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As we enter the fall – when Canadians begin to transition to warmer, indoor activities – you may be wondering whether now is the right time to sell your property or leave your rental to buy a place of your own and improve your quality of life.

The right time to buy a property largely depends on your individual needs and motivations. You’ll first need to assess your borrowing capacity, determine your search criteria, and, since today’s market is complex and competitive, enlist the help of a real estate expert in your area to make informed decisions. If you live in the Greater Montreal Area or one of Quebec’s major markets, this article will provide you with up-to-date and relevant information on current real estate market trends.

After seeing a more significant appreciation than was expected in the second quarter of 2023, price increases in Greater Montreal’s real estate market slowed between July and September, offering a slight respite to homebuyers. According to Royal LePage’s House Price Survey and Market Forecast, the aggregate1 price of a property in the Greater Montreal Area posted a small increase of 0.6% in the third quarter of 2023, compared with the previous quarter, reaching $575,400. Compared with the third quarter of last year, however, the region posted an increase of 3.7%.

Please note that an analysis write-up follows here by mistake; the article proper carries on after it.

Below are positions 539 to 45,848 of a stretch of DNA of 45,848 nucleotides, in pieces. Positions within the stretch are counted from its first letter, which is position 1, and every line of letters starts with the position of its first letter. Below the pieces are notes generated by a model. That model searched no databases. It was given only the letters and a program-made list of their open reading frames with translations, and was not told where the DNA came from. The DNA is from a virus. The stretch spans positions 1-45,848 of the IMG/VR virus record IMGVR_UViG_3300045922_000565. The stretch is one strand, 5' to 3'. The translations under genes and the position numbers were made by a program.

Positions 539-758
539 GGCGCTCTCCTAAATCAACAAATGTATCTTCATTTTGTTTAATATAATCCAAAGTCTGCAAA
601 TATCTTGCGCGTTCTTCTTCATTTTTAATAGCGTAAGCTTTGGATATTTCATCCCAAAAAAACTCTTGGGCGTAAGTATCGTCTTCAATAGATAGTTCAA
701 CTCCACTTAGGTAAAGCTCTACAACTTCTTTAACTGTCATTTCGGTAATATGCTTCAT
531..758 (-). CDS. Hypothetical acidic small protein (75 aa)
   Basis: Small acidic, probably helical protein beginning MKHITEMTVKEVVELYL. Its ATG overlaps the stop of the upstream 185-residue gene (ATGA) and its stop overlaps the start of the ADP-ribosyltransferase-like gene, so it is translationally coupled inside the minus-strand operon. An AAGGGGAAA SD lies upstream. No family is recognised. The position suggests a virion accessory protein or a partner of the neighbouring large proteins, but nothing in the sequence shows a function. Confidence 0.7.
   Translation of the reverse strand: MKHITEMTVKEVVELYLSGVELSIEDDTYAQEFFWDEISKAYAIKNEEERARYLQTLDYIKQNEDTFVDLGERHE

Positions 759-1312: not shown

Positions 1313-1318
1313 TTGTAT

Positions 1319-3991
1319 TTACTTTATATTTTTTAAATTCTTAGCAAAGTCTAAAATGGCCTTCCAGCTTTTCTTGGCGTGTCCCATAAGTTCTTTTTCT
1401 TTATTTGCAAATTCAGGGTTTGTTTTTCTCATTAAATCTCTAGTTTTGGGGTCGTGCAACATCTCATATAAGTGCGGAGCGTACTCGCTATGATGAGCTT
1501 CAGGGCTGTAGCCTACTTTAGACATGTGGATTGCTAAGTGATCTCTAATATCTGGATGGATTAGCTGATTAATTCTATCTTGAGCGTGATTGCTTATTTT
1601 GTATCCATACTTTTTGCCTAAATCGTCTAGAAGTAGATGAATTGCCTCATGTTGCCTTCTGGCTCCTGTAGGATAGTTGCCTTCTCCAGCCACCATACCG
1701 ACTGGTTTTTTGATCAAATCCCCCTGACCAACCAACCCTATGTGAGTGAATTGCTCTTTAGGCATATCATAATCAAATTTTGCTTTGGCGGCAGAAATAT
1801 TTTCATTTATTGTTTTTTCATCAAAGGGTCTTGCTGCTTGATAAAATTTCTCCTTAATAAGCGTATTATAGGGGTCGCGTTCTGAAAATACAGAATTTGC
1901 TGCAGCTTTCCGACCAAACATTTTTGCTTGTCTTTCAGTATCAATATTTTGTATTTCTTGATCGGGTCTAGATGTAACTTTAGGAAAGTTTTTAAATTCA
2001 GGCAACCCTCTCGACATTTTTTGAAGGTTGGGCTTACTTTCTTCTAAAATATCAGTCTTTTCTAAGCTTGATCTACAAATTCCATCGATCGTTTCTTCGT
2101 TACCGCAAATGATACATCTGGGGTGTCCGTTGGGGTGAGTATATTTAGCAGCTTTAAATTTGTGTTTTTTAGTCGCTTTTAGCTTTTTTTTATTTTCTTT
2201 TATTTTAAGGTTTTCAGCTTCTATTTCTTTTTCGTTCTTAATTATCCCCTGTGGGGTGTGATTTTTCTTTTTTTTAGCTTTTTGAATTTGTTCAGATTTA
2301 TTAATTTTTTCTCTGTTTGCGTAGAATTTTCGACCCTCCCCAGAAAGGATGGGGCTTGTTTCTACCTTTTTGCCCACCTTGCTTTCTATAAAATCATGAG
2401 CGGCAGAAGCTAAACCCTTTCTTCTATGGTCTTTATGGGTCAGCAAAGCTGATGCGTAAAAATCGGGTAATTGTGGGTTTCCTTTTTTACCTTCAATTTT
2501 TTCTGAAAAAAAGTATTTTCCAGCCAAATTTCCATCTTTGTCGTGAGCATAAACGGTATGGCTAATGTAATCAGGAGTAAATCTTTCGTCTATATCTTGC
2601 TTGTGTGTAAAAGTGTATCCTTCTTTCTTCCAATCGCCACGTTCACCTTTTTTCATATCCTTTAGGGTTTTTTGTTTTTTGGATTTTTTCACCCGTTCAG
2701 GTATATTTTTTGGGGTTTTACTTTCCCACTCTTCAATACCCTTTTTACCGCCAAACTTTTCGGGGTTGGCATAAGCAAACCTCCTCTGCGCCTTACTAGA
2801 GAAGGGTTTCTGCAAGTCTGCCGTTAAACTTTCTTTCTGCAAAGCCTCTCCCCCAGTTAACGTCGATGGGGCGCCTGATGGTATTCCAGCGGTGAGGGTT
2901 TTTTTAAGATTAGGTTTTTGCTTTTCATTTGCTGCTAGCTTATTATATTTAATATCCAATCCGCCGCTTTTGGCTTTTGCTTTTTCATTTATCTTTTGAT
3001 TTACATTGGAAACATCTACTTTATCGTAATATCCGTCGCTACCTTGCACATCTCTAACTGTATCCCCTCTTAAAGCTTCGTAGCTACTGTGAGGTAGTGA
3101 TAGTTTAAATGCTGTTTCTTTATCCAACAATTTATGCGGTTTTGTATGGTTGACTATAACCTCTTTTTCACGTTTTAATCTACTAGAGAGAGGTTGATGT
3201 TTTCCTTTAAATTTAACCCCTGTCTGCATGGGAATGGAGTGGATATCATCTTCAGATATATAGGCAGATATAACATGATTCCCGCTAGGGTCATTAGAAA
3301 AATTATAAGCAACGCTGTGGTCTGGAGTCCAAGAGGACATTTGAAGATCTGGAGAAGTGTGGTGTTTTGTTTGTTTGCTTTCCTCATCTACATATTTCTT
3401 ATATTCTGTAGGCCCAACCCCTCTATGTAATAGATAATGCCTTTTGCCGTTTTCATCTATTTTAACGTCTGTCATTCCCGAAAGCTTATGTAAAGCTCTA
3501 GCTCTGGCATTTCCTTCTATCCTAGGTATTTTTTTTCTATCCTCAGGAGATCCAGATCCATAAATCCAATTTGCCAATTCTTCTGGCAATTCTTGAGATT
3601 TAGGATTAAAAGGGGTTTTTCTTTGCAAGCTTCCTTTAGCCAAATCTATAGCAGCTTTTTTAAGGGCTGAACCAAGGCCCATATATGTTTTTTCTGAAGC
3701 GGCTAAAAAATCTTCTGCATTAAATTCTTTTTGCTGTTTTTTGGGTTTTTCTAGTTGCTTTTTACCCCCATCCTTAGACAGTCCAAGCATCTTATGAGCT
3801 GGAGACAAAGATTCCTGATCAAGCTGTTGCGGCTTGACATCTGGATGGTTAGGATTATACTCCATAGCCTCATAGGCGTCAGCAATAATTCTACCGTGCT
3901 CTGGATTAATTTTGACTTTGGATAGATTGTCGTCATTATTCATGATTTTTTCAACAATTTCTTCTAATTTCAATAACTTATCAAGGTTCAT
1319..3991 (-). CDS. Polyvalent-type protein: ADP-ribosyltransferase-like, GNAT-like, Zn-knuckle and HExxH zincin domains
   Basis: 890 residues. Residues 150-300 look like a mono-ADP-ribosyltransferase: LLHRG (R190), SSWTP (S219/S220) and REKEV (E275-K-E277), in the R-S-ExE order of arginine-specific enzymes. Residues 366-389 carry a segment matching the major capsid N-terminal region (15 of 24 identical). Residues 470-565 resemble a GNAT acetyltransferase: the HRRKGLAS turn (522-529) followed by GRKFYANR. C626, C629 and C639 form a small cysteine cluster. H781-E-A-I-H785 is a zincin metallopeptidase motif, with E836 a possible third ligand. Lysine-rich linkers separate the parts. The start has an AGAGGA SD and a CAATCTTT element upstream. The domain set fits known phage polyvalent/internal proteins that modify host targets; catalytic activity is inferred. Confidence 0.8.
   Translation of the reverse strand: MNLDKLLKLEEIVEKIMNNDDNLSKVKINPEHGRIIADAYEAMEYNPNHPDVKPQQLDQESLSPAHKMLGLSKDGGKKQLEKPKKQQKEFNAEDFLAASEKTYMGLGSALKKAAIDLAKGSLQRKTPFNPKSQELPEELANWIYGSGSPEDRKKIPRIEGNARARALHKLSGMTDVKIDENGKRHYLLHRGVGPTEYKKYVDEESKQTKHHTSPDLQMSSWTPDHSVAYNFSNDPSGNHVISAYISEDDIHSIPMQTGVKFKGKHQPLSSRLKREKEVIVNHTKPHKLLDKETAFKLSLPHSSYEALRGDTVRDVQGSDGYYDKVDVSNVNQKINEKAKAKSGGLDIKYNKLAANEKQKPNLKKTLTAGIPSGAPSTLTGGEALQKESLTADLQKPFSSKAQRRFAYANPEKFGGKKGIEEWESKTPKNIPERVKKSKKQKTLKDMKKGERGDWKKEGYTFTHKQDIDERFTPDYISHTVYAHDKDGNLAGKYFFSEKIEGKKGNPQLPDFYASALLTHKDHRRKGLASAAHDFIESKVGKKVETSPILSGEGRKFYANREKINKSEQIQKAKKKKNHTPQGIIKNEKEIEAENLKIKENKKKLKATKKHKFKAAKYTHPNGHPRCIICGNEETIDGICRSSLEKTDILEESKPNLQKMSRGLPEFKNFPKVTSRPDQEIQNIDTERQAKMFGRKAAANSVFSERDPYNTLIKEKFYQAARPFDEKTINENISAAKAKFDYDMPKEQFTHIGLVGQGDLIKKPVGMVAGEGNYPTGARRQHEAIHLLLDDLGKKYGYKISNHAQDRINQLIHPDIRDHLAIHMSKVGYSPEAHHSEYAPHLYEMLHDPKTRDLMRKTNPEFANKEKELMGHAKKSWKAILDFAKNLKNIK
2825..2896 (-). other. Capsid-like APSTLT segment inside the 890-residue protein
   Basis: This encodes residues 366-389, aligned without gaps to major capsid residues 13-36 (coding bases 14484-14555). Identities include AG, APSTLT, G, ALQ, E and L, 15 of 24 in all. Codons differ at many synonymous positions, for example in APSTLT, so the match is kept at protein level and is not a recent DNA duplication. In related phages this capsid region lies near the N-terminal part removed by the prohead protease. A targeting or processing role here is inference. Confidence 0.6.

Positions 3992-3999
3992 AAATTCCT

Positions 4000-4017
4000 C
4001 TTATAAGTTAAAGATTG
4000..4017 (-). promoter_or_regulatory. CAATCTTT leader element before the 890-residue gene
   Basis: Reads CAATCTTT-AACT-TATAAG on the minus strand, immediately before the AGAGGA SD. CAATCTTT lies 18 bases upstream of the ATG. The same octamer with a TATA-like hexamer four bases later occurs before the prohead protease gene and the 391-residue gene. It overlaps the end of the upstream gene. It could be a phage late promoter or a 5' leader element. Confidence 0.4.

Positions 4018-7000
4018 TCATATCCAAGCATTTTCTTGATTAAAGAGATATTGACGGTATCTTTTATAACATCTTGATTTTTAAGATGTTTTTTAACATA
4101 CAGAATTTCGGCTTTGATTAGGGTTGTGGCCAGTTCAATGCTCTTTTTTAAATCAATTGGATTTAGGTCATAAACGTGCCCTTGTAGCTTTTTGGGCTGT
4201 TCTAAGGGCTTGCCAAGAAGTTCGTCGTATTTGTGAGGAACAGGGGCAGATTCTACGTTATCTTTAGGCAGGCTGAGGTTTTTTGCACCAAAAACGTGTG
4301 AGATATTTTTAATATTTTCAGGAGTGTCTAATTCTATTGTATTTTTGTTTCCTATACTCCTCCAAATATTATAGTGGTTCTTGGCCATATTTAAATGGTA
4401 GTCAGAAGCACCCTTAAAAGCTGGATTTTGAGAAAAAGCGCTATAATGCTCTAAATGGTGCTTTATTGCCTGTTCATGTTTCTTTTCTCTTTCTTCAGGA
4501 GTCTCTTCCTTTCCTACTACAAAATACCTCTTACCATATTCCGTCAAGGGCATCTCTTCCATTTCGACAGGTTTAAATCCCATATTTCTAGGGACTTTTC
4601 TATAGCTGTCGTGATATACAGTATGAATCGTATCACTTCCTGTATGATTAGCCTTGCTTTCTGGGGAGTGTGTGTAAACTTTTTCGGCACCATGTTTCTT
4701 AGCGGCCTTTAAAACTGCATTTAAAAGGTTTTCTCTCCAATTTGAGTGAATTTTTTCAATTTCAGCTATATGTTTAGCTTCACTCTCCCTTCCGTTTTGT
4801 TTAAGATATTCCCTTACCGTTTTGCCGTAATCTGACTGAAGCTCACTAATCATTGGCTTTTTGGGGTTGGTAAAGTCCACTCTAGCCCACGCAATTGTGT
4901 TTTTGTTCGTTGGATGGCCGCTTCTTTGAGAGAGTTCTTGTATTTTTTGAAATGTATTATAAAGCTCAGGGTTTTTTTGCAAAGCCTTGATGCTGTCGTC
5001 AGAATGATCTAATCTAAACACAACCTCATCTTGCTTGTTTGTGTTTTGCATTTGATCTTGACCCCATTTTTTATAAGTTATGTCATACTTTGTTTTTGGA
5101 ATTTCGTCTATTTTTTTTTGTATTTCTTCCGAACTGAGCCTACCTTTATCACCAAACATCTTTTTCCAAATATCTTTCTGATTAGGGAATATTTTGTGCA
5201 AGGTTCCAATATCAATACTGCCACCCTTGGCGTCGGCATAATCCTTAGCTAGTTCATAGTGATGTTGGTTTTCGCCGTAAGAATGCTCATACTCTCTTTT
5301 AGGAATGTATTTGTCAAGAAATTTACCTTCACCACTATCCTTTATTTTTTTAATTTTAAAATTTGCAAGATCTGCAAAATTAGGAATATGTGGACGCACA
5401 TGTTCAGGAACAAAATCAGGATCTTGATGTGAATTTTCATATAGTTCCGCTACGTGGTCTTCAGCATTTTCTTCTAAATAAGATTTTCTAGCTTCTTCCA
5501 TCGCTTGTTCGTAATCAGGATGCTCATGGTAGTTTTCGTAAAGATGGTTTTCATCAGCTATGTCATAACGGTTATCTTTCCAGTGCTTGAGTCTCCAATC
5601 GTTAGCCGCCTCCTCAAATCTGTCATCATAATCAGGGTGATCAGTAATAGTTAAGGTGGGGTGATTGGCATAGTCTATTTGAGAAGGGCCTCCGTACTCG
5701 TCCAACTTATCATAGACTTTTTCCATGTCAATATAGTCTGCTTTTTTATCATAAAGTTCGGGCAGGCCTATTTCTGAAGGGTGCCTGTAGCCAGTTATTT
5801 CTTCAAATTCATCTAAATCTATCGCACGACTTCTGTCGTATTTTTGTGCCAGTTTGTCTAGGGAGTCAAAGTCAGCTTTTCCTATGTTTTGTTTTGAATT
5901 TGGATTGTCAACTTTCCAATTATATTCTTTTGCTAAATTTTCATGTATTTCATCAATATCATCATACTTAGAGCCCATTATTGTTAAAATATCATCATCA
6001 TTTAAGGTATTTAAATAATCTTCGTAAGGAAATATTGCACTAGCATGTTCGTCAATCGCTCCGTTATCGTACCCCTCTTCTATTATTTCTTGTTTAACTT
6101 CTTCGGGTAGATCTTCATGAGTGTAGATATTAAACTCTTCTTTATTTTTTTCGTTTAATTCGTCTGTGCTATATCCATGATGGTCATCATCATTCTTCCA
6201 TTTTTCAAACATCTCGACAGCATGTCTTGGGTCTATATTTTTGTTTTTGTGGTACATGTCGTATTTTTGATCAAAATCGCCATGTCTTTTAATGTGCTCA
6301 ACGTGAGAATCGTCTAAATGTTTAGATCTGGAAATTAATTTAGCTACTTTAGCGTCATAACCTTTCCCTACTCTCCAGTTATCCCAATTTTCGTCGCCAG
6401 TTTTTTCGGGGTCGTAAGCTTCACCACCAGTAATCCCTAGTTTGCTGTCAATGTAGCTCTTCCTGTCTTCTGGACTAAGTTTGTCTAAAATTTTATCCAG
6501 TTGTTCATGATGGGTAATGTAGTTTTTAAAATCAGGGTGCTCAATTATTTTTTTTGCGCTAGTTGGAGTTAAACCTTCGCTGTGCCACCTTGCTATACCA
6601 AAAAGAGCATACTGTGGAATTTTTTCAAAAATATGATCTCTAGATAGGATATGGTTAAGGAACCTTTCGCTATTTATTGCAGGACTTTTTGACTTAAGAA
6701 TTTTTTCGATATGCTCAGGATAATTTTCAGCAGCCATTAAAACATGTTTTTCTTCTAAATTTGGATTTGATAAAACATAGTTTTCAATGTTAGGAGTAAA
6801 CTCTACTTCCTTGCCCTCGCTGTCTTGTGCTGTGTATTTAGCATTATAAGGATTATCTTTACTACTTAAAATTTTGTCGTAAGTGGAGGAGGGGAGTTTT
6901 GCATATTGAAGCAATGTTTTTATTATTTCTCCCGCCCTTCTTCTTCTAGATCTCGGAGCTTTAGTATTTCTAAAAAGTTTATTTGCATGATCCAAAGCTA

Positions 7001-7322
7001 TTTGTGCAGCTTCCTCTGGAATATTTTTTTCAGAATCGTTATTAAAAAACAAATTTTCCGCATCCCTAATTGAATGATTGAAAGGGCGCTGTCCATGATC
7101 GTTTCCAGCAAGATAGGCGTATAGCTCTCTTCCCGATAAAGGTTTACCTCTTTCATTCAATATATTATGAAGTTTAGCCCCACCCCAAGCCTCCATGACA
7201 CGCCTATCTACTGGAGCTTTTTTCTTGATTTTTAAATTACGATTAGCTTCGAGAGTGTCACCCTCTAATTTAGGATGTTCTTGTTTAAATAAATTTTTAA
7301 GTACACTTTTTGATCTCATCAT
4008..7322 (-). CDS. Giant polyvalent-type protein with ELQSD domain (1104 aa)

When broken out by property type, the median price of a single-family detached home rose 3.9% year over year to $645,800 in the third quarter of 2023, remaining stable on a quarterly basis, up just 0.3%. During the same period, the median price of a condominium increased 4.0% year over year, declining 2.6% between the second and third quarters, to $449,700. Price data, which includes both resale and new build, is provided by Royal LePage’s sister company RPS Real Property Solutions, a leading Canadian real estate valuation company.

Although prices showed signs of stabilization over the third quarter, Royal LePage believes this period of calm was temporary.

“The current market remains slightly in favour of sellers, but is giving way to a balance of power between buyers and sellers,” explains Marc Lefrançois, chartered real estate broker with Royal LePage Tendance in Montreal. “The more modest price appreciation can be explained by a dampened appetite from buyers of high-end properties, increasing the supply of homes priced at two-million dollars or more. When inflation rises, consumers restrict their spending to essential needs. If a move can wait, homeowners looking for a property that enhances their quality of life will return to the market at a later date. The entry-level segment remains very active, facing a continued lack of inventory.”

Against the backdrop of a shortage of housing supply, Lefrançois believes that it wouldn’t take much for the Greater Montreal Area real estate market to slide back into a strong seller’s market. Therefore, he does not expect opportunities to improve significantly for buyers who have chosen to wait, since the real estate market will continue to favour sellers in the long term and interest rates are not expected to decline for several months.